reiterated the ratio in Satvinder Kaur(supra) and Asit

Bhattacharjee (Supra).

28. Once again, in Rasiklala Dalpatram Thakkar Vs.

State of Gujarat (2010) 1 SCC 1, while approving the

earlier decisions in Satvinder Kaur(supra) in the

judgment rendered by Justice Altamas Kabir as he was

then, the Supreme Court made it very clear that a police

officer cannot refrain from investigating a matter on

territorial ground and the issue can be decided after

conclusion of the investigation. It was thus held:-

“27. In our view, both the trial court as well as
the Bombay High Court had correctly interpreted
the provisions of Section 156 CrPC to hold that it
was not within the jurisdiction of the
investigating agency to refrain itself from
holding a proper and complete investigation merely
upon arriving at a conclusion that the offences
had been committed beyond its territorial

Page 24 of 35
29. Moreover, the allegation relating to criminal

breach of trust and misappropriation of money which

were to be eventually accounted for in Patna (where the

Complainant resides), could prima facie indicate the

lawful jurisdiction of the Patna police. This aspect

was dealt succinctly by Justice J S Khehar, as a member

of the Division Bench in Lee Kun Hee, President,

Samsung Corporation, South Korea and Others Vs. State

of Uttar Pradesh and Ors. (2012) 3 SCC 132 and it was

held as under:-

“38 ******

181. Place of trial in case of certain
offences.—(1)-(3)* * *

(4) Any offence of criminal
misappropriation or of criminal breach of
trust may be inquired into or tried by a
court within whose local jurisdiction the
offence was committed or any part of the
property which is the subject of the
offence was received or retained, or was
required to be returned or accounted for,
by the accused person.”

A perusal of the aforesaid provision leaves
no room for any doubt, that in offences of
the nature as are subject-matter of
consideration in the present controversy,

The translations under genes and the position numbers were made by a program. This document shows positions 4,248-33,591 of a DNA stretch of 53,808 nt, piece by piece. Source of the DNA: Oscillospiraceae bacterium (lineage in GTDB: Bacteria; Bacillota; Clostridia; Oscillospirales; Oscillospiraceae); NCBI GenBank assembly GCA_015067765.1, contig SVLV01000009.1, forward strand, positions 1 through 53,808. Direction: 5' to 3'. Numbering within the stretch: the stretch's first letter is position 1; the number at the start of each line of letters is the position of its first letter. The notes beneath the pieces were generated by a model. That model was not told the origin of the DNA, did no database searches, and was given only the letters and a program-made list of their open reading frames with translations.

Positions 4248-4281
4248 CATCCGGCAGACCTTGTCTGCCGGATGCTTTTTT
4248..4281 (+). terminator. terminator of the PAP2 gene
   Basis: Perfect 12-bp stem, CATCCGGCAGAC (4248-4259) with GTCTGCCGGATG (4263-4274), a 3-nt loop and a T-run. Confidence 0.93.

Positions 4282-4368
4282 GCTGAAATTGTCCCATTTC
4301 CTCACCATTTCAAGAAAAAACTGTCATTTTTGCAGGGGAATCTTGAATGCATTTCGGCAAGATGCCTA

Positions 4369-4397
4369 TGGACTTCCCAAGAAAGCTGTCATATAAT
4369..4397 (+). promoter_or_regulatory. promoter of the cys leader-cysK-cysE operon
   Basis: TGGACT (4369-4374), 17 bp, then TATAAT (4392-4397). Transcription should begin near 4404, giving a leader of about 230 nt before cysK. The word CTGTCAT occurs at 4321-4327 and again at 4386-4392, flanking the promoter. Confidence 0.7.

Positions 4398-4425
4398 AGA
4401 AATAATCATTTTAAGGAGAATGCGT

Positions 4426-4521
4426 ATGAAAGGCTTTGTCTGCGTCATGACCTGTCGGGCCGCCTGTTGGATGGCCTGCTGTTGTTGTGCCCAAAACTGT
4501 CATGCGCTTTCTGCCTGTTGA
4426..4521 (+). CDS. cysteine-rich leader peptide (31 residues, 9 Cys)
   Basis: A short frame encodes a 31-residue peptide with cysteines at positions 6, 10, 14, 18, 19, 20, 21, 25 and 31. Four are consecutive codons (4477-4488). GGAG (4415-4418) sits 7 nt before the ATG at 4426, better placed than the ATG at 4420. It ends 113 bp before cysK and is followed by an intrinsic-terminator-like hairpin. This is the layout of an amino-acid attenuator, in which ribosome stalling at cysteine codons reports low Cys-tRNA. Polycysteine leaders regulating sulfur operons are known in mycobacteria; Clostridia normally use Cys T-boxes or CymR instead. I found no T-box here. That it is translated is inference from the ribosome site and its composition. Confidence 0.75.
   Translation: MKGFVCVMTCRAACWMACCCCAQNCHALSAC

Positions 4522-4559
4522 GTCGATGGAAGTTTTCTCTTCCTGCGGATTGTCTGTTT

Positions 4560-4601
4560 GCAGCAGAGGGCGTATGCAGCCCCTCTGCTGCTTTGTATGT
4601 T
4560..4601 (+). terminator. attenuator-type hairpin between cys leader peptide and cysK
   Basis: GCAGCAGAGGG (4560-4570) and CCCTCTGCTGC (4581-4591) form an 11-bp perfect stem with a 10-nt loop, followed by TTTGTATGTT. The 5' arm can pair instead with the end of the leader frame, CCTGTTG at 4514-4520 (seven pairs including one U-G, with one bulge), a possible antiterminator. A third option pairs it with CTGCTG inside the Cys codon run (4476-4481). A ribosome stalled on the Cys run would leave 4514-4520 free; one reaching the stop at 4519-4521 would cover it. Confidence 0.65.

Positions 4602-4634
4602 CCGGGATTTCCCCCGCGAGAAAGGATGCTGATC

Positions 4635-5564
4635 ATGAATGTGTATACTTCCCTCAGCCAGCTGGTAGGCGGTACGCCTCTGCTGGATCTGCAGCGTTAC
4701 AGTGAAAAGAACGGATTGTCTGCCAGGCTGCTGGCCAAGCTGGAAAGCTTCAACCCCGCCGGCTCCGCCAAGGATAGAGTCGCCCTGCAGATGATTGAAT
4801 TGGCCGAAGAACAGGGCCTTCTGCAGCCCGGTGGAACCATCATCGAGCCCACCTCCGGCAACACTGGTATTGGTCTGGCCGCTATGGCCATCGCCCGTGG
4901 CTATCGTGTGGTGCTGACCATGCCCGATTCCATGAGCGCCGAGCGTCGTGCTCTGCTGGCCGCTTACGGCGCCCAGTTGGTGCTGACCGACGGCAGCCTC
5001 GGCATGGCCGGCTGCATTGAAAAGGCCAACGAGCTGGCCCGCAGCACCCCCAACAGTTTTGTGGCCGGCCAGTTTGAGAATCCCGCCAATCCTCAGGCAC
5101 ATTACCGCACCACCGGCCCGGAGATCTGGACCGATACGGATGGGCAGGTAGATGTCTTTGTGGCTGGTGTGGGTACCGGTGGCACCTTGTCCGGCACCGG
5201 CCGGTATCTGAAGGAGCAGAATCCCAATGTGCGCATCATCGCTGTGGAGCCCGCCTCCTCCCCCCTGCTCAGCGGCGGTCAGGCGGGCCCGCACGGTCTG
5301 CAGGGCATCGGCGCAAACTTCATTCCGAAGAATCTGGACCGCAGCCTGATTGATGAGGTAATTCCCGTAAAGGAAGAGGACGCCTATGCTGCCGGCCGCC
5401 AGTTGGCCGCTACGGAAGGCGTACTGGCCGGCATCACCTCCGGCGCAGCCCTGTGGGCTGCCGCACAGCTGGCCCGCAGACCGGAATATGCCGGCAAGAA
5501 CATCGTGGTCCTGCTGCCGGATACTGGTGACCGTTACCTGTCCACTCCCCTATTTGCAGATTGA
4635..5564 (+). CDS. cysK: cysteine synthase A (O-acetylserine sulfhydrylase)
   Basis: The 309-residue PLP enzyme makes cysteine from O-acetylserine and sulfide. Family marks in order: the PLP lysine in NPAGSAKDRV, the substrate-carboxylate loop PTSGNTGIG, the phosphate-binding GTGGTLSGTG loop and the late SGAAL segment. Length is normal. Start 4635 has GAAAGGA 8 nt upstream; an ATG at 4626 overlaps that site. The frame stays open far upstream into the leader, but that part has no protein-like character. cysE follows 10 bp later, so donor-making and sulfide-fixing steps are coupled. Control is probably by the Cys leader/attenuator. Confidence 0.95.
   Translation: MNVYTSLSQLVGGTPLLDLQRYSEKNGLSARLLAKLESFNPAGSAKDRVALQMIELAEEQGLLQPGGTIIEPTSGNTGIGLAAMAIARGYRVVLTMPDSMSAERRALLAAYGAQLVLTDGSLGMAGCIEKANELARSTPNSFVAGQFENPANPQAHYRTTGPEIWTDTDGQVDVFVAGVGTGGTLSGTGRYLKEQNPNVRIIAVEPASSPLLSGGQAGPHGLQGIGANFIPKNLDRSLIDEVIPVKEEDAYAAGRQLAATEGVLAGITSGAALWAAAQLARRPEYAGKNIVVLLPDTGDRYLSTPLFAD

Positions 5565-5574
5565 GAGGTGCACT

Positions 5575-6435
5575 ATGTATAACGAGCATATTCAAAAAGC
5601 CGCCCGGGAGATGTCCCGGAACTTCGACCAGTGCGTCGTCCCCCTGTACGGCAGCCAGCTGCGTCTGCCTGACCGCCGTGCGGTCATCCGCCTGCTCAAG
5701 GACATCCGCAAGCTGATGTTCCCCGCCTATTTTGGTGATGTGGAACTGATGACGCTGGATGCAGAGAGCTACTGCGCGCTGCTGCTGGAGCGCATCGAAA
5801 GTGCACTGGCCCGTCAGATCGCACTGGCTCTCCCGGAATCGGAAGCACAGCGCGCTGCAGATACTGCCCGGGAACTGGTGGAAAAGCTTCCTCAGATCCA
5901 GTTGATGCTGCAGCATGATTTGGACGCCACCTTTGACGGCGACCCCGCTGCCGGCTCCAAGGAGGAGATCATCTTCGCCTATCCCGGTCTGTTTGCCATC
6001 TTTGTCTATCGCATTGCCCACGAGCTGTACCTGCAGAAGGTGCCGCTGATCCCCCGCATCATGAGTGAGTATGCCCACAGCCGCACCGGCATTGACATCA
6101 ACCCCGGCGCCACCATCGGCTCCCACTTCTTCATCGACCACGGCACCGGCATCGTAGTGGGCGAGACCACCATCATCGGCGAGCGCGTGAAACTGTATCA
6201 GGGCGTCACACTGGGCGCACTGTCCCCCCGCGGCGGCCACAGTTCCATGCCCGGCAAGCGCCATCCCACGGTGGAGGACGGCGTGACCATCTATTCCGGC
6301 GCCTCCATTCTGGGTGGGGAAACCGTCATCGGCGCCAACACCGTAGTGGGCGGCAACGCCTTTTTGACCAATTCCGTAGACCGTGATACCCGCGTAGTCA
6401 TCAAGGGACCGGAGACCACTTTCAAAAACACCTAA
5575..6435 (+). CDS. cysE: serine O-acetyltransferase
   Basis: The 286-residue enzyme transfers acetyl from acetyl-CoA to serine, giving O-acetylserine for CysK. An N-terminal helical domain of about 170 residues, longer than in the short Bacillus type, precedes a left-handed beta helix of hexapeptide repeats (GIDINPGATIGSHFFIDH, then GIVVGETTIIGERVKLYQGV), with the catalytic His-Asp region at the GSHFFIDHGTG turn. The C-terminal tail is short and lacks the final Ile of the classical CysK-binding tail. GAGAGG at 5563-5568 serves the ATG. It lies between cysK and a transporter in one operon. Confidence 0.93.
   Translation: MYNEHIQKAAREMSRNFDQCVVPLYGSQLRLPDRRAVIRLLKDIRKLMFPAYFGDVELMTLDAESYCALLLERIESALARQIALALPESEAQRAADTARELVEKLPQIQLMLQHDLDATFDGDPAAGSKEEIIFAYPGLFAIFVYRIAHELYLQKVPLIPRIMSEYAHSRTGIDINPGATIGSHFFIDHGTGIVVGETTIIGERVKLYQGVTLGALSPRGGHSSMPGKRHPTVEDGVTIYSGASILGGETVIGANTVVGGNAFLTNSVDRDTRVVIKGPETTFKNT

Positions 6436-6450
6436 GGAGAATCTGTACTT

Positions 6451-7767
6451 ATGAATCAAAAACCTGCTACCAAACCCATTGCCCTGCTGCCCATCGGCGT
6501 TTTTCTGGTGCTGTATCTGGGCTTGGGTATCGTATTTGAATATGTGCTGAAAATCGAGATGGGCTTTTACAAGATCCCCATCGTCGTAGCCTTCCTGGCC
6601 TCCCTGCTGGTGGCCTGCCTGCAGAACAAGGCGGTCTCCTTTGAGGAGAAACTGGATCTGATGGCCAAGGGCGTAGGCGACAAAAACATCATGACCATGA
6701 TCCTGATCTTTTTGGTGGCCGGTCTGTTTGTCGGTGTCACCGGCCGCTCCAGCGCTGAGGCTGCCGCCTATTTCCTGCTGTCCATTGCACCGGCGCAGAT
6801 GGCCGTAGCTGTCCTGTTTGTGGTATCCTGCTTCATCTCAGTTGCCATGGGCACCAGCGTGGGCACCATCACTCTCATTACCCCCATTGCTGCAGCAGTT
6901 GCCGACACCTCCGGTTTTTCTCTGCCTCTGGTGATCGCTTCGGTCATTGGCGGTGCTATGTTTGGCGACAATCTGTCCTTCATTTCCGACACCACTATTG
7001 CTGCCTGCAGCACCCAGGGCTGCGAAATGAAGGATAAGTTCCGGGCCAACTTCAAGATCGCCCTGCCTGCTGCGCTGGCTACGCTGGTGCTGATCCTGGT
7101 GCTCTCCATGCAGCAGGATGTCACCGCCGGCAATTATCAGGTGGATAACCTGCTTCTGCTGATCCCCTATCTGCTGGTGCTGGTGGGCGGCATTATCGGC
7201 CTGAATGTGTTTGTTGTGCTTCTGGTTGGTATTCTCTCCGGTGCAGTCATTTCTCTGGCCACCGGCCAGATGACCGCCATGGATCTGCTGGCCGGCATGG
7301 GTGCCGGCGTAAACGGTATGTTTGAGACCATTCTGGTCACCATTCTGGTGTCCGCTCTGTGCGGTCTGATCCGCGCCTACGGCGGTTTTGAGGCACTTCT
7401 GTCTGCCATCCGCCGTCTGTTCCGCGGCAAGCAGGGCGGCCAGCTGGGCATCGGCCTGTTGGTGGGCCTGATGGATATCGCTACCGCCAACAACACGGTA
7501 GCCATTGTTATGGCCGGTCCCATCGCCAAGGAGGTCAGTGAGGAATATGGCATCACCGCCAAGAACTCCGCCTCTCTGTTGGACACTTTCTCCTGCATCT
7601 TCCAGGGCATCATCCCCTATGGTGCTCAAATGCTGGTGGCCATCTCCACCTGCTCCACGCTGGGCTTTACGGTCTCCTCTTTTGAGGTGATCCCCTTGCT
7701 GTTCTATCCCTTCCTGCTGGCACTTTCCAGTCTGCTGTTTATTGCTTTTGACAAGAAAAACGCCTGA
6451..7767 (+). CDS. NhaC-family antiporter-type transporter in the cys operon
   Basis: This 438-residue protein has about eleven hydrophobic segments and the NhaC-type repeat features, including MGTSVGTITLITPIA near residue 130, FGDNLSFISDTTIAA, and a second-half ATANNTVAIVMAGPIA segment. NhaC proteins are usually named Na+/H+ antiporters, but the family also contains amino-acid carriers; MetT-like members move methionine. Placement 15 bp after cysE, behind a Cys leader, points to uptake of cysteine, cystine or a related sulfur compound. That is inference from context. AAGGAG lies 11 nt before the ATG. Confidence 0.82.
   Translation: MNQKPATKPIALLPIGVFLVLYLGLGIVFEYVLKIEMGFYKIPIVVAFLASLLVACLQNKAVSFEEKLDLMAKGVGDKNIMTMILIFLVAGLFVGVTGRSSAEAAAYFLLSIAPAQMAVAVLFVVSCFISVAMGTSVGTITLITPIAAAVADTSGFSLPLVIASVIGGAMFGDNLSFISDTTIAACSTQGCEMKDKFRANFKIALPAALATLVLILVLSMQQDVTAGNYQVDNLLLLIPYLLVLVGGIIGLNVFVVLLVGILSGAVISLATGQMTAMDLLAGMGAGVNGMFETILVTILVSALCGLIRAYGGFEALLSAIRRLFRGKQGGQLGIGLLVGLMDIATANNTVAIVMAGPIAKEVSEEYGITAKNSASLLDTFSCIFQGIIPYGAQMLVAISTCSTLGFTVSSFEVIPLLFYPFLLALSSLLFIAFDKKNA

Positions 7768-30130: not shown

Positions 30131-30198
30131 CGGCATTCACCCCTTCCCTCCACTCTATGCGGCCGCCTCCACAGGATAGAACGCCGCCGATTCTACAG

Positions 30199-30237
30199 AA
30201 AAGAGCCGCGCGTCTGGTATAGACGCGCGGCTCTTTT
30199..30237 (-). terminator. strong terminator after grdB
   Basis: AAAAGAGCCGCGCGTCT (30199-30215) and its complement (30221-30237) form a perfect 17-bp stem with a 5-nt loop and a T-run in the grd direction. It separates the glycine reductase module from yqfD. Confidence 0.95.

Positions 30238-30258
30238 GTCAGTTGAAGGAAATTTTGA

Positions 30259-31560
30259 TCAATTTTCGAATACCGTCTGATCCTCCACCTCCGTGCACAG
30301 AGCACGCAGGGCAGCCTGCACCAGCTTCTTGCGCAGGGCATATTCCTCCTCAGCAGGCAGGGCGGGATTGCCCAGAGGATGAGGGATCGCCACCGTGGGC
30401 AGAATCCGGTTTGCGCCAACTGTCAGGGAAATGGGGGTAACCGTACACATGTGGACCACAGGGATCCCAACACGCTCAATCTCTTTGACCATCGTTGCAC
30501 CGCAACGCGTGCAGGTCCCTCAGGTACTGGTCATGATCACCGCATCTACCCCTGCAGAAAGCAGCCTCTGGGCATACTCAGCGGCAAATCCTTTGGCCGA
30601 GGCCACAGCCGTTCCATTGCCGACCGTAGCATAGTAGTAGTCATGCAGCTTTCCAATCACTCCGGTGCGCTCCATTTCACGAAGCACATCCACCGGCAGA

the court within whose local jurisdiction,
the whole or a part of the consideration
Page 25 of 35
“… were required to be returned or
accounted for.…” would have jurisdiction
in the matter.”

30. Having regard to the law enunciated by this Court

as noted above, it must be held that the Patna police

committed no illegality in registering the Complaint.

Looking at the nature of the allegations in the

Complaint which also relate to misappropriation and

breach of trust, the exercise of jurisdiction by the

Bihar Police appears to be in order. At the stage of

investigation, they were not required to transfer the

FIR to Mumbai police. For the same reason, the Bihar

government was competent to give consent for

entrustment of investigation to the CBI and as such the

ongoing investigation by the CBI is held to be lawful.


31. The Patna police although found to be competent to

investigate the allegation in the Complaint, the FIR

suggests that most of the transactions/incidents

alleged in the Complaint occurred within the

territorial jurisdiction of the State of Maharashtra.

The Mumbai Police was inquiring into the unnatural

Page 26 of 35
death of the complainant’s son under section 174 of the

CrPC. So far, their inquiry has not resulted in any FIR

suggesting commencement of investigation on the

criminal aspects, if any. However, the incidents

referred to in the Complaint does indicate that the

Mumbai police also possess the jurisdiction to

undertake investigation on those circumstances.

Therefore, in the event of a case being registered also

at Mumbai, the consent for the investigation by the CBI

under Section 6 of the DSPE Act can be competently

given by Maharashtra Government.


32. While the CBI cannot conduct any investigation

without the consent of the concerned state as mandated

under section 6, the powers of the Constitutional

Courts are not fettered by the statutory restriction

of the DSPE Act. For this proposition, one can usefully

refer to State of West Bengal Vs. Sampat Lal (1985) 1

SCC 317 where Justice Ranganath Mishra in his judgment

for the 3 judges Bench, held that:-

“13. ……….It is certainly not for this Court at the
present stage to examine and come to a conclusion
as to whether this was a case of suicide or murder.
If as a result of investigation, evidence is
Page 27 of 35
gathered and a trial takes place the Sessions Judge
will decide that controversy and it may be that in
due course such controversy may be canvassed before
this Court in some form or the other. It would,
therefore, be wholly inappropriate at this stage
to enter into such a question.…………In our considered
opinion, Section 6 of the Act does not apply when